Although more than 700 million vaccine doses have been administered globally, richer countries have received more than 87 per cent, and low-income countries just 0.2 per cent.
On average in high-income countries 1 in 4 people has received a #COVID19 vaccine. In low-income countries it’s 1 in 500+. Scarcity of supply is driving vaccine nationalism and vaccine diplomacy. This is a time for partnership, not patronage. We must accelerate #VaccinEquity now! pic.twitter.com/DZ9dSRo51C
— Tedros Adhanom Ghebreyesus (@DrTedros) April 9, 2021
“On average in high-income countries, almost one in four people has received a vaccine. In low-income countries, it’s one in more than 500. Let me repeat that: one in four versus one in 500.”
Bilateral deals hurt COVAX
The global solidarity initiative, COVAX, has also experienced a shortage of vaccines. While the mechanism has distributed some 38 million doses so far, it was expected to deliver nearly 100 million by the end of March.
“The problem is not getting vaccines out of COVAX; the problem is getting them in”, he said.
“We understand that some countries and companies plan to do their own bilateral vaccine donations, bypassing COVAX for their own political or commercial reasons. These bilateral arrangements run the risk of fanning the flames of vaccine inequity.”
Scaling up solidarity
COVAX partners, who include Gavi, the vaccine alliance, are working on several options to scale up production to meet the goal of delivering two billion doses by the end of the year.
Dr Seth Berkley, the Chief Executive Officer at Gavi, highlighted the need for continued solidarity.
“What we are now beginning to see are supply constraints, not just of vaccines, but also of the goods that go into making vaccines”, he said.
COVAX is in discussions with several high-income countries to get them to share surplus vaccine doses, he said. It is also developing cost-sharing mechanisms so that low income countries can buy additional doses through COVAX, funded by multilateral development banks.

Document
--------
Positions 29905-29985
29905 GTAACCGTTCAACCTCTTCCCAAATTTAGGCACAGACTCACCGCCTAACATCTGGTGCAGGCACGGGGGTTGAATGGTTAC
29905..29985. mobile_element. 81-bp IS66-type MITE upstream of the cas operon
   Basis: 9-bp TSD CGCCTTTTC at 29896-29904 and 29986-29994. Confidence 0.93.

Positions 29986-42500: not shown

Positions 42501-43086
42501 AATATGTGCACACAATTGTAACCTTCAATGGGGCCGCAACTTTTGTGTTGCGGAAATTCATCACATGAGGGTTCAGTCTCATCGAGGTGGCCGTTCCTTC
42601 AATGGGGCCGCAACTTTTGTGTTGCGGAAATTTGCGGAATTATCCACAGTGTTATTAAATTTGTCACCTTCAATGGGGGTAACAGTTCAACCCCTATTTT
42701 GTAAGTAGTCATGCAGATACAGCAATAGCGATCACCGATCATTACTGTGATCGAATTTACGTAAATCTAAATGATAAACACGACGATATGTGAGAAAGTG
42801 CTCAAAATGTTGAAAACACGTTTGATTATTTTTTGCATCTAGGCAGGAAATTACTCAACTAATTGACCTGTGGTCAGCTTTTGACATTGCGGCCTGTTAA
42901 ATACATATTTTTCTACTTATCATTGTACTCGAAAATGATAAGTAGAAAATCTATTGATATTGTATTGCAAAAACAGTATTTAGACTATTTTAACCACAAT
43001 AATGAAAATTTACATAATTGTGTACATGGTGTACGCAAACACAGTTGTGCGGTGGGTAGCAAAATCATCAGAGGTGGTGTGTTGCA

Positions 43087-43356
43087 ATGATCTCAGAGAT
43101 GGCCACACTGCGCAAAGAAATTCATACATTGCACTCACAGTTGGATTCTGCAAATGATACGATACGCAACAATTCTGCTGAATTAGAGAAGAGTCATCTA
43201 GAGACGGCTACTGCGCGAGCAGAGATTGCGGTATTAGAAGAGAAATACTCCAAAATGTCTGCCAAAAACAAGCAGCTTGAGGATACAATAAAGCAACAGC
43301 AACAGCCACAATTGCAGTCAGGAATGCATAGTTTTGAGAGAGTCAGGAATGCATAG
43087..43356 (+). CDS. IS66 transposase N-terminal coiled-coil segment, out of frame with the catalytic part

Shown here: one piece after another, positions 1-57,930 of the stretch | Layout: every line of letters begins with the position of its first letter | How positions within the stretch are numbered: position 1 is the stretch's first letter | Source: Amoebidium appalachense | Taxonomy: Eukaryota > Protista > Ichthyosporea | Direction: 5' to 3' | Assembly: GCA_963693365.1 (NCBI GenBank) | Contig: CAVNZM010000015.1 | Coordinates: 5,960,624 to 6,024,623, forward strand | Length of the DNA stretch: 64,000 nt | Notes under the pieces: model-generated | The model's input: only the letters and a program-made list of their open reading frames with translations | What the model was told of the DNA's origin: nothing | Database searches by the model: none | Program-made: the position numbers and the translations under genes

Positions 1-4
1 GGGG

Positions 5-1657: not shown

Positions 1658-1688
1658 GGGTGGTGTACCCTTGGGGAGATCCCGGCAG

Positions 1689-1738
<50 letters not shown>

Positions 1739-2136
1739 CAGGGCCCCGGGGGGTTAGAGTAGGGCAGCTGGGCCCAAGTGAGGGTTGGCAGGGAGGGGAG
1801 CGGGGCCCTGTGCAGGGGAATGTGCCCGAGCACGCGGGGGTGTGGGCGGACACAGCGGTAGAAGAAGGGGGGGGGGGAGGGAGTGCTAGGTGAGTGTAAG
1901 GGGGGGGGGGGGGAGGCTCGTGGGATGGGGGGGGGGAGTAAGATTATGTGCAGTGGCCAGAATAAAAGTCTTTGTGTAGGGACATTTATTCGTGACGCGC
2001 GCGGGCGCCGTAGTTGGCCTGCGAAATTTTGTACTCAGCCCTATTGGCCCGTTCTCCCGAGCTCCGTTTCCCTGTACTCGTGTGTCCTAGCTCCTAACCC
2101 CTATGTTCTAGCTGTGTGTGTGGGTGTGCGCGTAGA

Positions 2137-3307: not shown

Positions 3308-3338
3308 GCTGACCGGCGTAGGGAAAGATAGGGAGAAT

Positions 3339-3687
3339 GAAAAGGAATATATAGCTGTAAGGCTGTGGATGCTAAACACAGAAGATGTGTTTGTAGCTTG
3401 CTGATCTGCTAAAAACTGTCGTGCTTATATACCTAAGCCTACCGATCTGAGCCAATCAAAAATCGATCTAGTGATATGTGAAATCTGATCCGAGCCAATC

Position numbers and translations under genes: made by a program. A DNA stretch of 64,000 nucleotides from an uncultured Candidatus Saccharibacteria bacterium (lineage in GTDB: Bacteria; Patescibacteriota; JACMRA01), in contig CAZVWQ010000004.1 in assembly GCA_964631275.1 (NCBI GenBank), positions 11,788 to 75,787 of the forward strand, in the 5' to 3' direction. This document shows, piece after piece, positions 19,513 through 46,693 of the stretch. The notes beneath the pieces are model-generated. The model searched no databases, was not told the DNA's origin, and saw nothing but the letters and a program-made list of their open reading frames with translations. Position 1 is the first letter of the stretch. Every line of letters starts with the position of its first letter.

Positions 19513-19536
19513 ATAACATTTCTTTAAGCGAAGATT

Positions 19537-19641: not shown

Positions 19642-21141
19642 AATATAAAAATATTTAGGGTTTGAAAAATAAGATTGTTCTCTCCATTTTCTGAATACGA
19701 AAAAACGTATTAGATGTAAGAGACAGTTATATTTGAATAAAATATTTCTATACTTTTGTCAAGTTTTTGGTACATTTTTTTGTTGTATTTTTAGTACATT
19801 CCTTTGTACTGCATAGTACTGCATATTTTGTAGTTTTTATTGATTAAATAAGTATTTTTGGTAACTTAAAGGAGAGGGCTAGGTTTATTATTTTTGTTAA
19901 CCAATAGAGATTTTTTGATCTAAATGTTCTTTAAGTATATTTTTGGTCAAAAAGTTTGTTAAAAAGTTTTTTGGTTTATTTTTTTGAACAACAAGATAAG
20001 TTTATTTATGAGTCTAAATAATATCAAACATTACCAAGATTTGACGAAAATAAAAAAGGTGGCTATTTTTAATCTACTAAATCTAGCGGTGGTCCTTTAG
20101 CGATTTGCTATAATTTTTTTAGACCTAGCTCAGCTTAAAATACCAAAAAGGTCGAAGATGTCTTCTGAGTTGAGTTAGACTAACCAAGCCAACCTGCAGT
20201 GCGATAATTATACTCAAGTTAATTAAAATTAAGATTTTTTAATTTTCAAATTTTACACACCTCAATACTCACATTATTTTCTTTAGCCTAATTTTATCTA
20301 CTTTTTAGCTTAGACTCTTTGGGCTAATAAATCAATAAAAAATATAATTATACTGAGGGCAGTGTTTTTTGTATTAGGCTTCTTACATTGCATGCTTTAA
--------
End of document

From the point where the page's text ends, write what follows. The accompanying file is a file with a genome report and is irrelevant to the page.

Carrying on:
Dr Berkley added that financing is also needed as demand for vaccines has risen with the emergence of new COVID-19 variants.
Concern over the ‘raging inferno’ in Brazil
WHO remains deeply concerned about what one of its experts labelled the “raging inferno of an outbreak” in Brazil, in response to a journalist’s question about scaling up vaccines to address the emergency there.
South America’s largest country has recorded more than 340,000 deaths since the pandemic began, making it second only to the United States.
Tedros said he has spoken with the newly appointed health minister, and officials at the federal level, which he hoped will “help with moving forward in our partnership.”
Continue prevention measures
Dr. Bruce Aylward, a WHO Senior Adviser, described the situation in Brazil as “very, very concerning”. Delivering more vaccines would have minimal impact, he said, emphasizing the need to continue measures that have proved to slow virus spread.
“Even by the time you get vaccines into a country, by the time you get them into people – and you’re getting them to a relatively small proportion of the population – that will have a small effect in limiting the risk to some people”, he said.
“But what you’re dealing with here is a raging inferno of an outbreak, and that requires population-level action in the rapid identification, isolation, quarantining, because you have to approach this at that scale to slow this thing down.”
Dr. Maria Van Kerkhove, WHO Technical Lead on COVID-19, added that while vaccines are a powerful tool, they alone will not end the pandemic.
“The trajectory of this pandemic around the world is going in the wrong direction”, she said, referring to six consecutive weeks of increased cases and rising deaths.
“We have tools right now that can prevent infections and can save lives, so we need to find reasons why measures aren’t in place…and find solutions to actually get these in place.”